The celebrated composer John Corigliano is back in town, introducing his music at an unusual Classics concert this weekend in Kleinhans Music Hall.
Corigliano and the Buffalo Philharmonic Orchestra are getting to be old friends. He was here two seasons ago, and the BPO's recording of his song cycle "Mr. Tambourine Man," set to the words of Bob Dylan, was just released on the Naxos label.
This weekend, two Corigliano works are on the program. The first is "Phantasmagoria on 'The Ghosts of Versailles,' " extracted from the opera Corigliano wrote in 1991 for the Metropolitan Opera.
The second is the Concerto for Violin and Orchestra nicknamed "The Red Violin," after the movie score Corigliano wrote.
JoAnn Falletta, the BPO's music director, is conducting, and Concertmaster Michael Ludwig is the soloist. Together, the two Corigliano works added up to just over an hour of music -- quite a challenge for the audience. The night ended with Beethoven's exuberant Second Symphony.
Corigliano is the picture of charm. Last time he was here he told The News about how his opera, "The Ghosts of Versailles," made him nervous enough that he went out of his way riding his bike around Manhattan so as not to have to pass the opera house. I loved that.
Saturday, he walked out on stage in a leather jacket and explained the pieces we would be hearing.
Without the personal touch, I do not know if the audience Saturday would have enjoyed his music as much as it apparently did.
A Corigliano creation is not easy to digest. The "Phantasmagoria" began with a disorienting buzz -- his was the world of the ghosts we were in, the composer had said -- and descended into further chaos.
There were bits of "The Barber of Seville" and of "Se Vuol Ballare" from "The Marriage of Figaro." A gentle brass stretch made me think of Copland. The last section took us back to the French Revolution. It was an idea similar to the opera "Dialogues of the Carmelites," with a chorale in the foreground, the guillotine in the background. The Violin Concerto was a display of virtuosity on Ludwig's part. The things he was required to do! Memorizing the piece was out of the question. Clearly just getting through this piece is challenge enough. Lightning-quick double-stop gymnastics sustained romantic phrases sparked with showers of pizzicato, light-as-a-feather passages with the bow barely skipping on the strings.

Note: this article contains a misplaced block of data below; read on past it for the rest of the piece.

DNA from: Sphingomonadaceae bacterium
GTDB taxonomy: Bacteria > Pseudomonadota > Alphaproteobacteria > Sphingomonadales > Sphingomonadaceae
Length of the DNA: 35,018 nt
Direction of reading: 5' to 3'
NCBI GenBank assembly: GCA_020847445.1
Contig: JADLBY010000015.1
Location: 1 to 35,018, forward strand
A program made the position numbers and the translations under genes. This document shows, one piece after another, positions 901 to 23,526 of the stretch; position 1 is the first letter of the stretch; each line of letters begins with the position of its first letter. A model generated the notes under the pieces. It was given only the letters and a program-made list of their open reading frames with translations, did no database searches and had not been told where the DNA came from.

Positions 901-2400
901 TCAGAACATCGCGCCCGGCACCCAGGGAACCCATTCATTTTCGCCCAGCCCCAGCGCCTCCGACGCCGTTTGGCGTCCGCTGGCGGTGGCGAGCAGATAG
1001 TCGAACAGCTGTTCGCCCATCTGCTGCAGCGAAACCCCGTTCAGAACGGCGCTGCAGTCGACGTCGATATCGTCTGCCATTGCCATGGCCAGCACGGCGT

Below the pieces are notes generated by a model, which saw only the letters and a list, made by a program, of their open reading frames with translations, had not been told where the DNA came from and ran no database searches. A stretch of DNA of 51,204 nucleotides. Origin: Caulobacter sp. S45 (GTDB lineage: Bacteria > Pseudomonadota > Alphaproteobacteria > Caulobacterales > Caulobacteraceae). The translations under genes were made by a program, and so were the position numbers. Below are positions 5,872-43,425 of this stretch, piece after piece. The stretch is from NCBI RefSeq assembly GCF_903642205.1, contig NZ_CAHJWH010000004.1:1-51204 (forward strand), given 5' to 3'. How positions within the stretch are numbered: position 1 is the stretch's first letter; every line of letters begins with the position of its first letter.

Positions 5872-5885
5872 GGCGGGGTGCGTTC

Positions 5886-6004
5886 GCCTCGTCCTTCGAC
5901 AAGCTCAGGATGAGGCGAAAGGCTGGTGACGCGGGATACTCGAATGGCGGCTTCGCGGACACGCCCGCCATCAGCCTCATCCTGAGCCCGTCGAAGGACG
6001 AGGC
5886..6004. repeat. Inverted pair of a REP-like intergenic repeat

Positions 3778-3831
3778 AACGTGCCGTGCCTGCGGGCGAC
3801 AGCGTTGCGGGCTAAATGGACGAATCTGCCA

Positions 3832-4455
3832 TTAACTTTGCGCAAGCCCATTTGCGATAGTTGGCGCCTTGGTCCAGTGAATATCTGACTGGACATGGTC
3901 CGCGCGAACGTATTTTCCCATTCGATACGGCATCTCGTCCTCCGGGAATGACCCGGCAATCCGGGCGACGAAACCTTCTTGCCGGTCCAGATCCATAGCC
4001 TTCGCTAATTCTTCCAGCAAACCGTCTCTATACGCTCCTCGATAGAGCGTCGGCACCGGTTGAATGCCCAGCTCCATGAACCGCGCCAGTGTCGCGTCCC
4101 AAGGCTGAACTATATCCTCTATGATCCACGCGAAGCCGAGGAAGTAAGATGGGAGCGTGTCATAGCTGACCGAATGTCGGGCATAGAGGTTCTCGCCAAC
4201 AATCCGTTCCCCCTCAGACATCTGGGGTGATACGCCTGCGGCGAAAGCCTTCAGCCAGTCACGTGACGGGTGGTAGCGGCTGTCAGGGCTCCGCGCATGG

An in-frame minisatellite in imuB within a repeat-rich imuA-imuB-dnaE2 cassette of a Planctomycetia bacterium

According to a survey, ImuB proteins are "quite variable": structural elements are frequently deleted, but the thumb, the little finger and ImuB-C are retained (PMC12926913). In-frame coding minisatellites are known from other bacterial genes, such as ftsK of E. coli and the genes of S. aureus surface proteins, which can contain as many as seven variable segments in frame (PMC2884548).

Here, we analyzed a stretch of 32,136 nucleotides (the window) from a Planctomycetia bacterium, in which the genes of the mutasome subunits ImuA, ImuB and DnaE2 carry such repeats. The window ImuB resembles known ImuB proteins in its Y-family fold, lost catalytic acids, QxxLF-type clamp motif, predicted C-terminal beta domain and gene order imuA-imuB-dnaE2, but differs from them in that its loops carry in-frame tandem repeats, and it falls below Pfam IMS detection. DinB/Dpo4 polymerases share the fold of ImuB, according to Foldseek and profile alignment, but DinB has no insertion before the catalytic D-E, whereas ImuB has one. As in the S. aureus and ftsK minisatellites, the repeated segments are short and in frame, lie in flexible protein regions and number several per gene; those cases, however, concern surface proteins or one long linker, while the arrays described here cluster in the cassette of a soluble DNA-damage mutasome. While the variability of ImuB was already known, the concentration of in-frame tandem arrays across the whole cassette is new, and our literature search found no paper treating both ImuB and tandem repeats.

In keeping with the theme of "The Red Violin," Ludwig was playing a honeyed, 1735 Guarneri and I am sure in all its long life, the violin never experienced anything like this.
A master orchestrator, Corigliano is able to coax surprising sounds from the soloist and the other instruments. There were whistles, jingles, shrieks, sounds like gunshots.
It was an experience, and the audience ate it up, with a standing ovation. Beethoven's Second ended the night on an up note.
I personally like the slow introduction slower, but that's me.
The second movement was sublime, almost weightless.
The finale was the highlight. Falletta and her forces made the most of those flirtatious back-and-forth games Beethoven loves to play: major to minor, forte to piano, one key to another. What a study in contrasts this whole program was.
The adventure repeats at 2:30 p.m. today.